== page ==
Special Needs Offender Funding Thus even though the appropriations bill adds an additional $10 million for mental health treatment in the next biennium, the rider appears to limit the expenditures for these services at the same level as we are currently receiving. Moreover this rider funds both juvenile and adult cases. Considering that the number of youth going to the Texas Youth Commission will be curtailed and that juvenile probation departments will be expected to absorb this offender population, it is very possible that any additional funding in this line item that might be available will largely go for juvenile services instead of adult.
Unanswered Questions Is there an identified funding source available to restore the cut in funding to CCP. If not then this reduction in CCP funding will impact all CSCDs but will have a particularly adverse impact on the five CSCDs that are funding residential programs with CCP funds.
Unanswered Questions How much flexibility TDCJ/CJAD will have to move funds between the different line items.
Unanswered Questions Will CSCDs will be able to spend down future turn back money or whether they will be forced to return $18. 6 million to the State for re-appropriation in FY 2010 - 2011.
Unanswered Questions What is the status of funding under RSAT. If RSAT funds are reduced or eliminated during the next biennium, then this will result in the elimination of a significant number of treatment beds that are currently available to CSCDs.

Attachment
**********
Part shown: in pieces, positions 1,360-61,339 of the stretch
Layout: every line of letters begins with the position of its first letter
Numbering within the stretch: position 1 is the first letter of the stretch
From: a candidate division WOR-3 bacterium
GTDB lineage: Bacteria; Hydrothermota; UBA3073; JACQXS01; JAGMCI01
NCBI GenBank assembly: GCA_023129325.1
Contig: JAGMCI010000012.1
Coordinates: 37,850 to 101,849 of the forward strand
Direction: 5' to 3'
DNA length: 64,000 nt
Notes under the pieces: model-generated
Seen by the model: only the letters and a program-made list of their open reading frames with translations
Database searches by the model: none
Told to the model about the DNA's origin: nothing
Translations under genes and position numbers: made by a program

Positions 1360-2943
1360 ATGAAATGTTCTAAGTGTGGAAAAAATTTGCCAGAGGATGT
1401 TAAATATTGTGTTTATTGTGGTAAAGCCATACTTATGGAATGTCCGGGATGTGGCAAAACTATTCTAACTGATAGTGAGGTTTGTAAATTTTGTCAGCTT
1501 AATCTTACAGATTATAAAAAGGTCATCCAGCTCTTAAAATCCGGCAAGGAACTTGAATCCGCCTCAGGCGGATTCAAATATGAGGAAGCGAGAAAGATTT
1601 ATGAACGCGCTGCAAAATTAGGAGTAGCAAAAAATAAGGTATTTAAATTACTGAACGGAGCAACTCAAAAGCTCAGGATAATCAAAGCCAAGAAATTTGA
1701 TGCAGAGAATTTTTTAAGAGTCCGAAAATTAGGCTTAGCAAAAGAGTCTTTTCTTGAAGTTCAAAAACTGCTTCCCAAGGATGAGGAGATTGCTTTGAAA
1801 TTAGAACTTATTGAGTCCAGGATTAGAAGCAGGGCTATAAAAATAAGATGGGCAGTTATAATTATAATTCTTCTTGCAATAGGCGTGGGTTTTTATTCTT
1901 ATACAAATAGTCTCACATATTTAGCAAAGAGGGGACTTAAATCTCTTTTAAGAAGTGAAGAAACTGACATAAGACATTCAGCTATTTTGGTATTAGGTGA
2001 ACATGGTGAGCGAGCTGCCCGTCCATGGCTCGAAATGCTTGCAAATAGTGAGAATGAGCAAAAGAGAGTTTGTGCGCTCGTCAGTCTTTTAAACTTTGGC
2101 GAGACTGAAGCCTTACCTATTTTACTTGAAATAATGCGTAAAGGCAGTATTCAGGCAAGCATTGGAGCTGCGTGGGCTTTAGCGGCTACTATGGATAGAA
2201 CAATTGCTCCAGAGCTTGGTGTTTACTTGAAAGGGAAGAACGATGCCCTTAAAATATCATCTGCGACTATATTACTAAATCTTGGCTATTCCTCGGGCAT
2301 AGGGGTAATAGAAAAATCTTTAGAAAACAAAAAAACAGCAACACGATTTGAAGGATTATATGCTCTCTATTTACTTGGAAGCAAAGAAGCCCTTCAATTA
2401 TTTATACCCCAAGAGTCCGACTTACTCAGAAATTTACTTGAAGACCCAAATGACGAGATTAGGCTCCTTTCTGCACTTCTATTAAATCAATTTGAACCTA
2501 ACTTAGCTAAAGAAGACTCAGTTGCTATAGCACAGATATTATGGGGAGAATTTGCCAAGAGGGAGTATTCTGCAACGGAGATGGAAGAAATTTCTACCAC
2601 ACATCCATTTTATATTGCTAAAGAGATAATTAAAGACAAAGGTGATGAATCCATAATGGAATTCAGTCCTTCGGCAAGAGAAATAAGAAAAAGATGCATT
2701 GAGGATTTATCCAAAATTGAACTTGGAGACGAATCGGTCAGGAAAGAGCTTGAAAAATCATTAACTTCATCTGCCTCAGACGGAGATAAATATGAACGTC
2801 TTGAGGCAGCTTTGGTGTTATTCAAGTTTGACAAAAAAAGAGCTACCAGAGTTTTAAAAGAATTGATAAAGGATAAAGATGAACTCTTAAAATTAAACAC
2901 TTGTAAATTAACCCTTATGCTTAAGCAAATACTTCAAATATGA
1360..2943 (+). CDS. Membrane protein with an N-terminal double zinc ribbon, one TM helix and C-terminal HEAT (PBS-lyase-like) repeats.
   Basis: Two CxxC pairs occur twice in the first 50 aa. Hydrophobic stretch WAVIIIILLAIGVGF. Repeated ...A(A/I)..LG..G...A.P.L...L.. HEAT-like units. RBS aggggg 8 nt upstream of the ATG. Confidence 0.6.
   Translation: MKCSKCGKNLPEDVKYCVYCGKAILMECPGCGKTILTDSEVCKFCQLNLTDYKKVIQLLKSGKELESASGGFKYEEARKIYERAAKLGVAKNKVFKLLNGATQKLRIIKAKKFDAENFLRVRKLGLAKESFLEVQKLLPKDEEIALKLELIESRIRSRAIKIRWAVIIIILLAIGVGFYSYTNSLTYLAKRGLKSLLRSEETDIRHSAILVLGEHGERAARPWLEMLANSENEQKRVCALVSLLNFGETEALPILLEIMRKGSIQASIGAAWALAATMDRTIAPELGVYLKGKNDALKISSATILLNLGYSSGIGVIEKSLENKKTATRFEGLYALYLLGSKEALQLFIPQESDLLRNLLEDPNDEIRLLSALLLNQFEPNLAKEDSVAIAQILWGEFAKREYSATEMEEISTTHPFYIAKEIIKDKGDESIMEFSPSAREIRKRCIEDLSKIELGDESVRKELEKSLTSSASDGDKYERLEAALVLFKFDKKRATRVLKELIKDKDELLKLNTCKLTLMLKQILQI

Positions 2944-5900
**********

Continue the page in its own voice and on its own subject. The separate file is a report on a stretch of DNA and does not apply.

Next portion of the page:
Unanswered Questions Will funds for aftercare and outpatient treatment be available for those offenders released from the newly funded substance abuse treatment program in the state jails.
Unanswered Questions Will CSCDs will be able to access additional funding for specialized mental health case loads and mental health services.
Unanswered Questions D E O T E V Assuming that H. B. 3200 is enacted into law, it will still take another $11 million in FY 2009 to fully implement the front end funding formula.
Probation Reform Summary D E O T E V It appears that through a combination of factors, the money is there to fully implement H. B. 3200 in the final year of the next biennium It will take imagination and creativity to identify and reallocate funding for the front end funding formula. Nevertheless to not do so would not only defeat the legislation establishing the front end funding formula but would also result in funds not being utilized to divert offenders from prison and needed resources being returned to the State.